There's a face-off coming this fall between NBC's Grimm, about a terrifying world in which fairy tales are all too real, and ABC's Once Upon A Time, about a terrifying town in which fairy tales are all too real. So if you read Jack And The Beanstalk and thought, "I wish that were a dangerous, strangling beanstalk, and Jack's cow shot lightning out of its udders," you may be closer to your ideal, bleak, child-terrifying television world than you have ever been before.

She's No Lady, She's My Best Friend

On four fall comedies (four!), pairs of women are thrown together as friends and/or roommates. Apartment 23 and 2 Broke Girls are about pairs of unlikely roommates, the former pair hanging around with James Van Der Beek and the latter pair plotting a future in the cupcake industry — which, at the time this pilot was written, could probably have been described as "burgeoning." (Perhaps it will be retooled for fall and changed to macaroons or whoopie pies, preferably delivered in a food truck.)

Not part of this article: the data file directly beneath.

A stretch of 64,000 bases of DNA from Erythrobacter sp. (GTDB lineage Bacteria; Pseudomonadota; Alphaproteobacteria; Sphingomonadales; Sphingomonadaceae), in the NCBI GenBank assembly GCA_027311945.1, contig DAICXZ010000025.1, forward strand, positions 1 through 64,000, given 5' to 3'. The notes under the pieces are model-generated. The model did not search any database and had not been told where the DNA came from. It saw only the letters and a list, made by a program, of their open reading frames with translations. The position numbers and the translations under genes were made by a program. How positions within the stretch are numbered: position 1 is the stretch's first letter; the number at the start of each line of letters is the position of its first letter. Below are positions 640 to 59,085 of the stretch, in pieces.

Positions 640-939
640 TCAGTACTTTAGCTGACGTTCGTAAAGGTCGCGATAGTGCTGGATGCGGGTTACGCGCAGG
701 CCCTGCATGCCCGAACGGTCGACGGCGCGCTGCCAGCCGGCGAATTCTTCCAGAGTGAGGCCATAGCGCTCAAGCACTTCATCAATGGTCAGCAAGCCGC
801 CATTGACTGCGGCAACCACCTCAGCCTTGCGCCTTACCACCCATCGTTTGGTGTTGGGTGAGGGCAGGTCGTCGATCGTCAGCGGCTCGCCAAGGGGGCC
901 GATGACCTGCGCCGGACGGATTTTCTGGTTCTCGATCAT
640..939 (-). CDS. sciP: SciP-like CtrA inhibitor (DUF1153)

Best Friends Forever and I Hate My Teenage Daughter, on the other hand, are about more (chronologically) mature pairs of friends, one bonding over relationship problems and one bonding over the titular distaste for their own kids.

So in short, you have your choice of pairs of women who are interested in: Dawson's Creek, cupcakes, dating/marriage, and children. That may sound a little bit limiting, but let's get serious: there are FOUR FALL COMEDIES with TWO FEMALE LEADS EACH, and some of them are even WRITTEN BY WOMEN, and those are just the BFF-coms. That's before the rom-coms and other stuff like The New Girl on Fox, starring Zooey Deschanel.

And one more special note: At CW's upfront presentation tomorrow, they'll be providing details on Ringer, a new thriller starring Sarah Michelle Gellar — that's Buffy to you.

So in this regard: Thank you, television.

Welcome, Beautiful Women Of The 1960s!

The fact that Mad Men airs on AMC and doesn't have an audience the size of the one that tunes in for Dancing With The Stars hasn't prevented the broadcast networks from trying to figure out how to capitalize on the fascination with the '60s while giving the whole thing a little more mass appeal. How do you do that? Girls, girls, girls!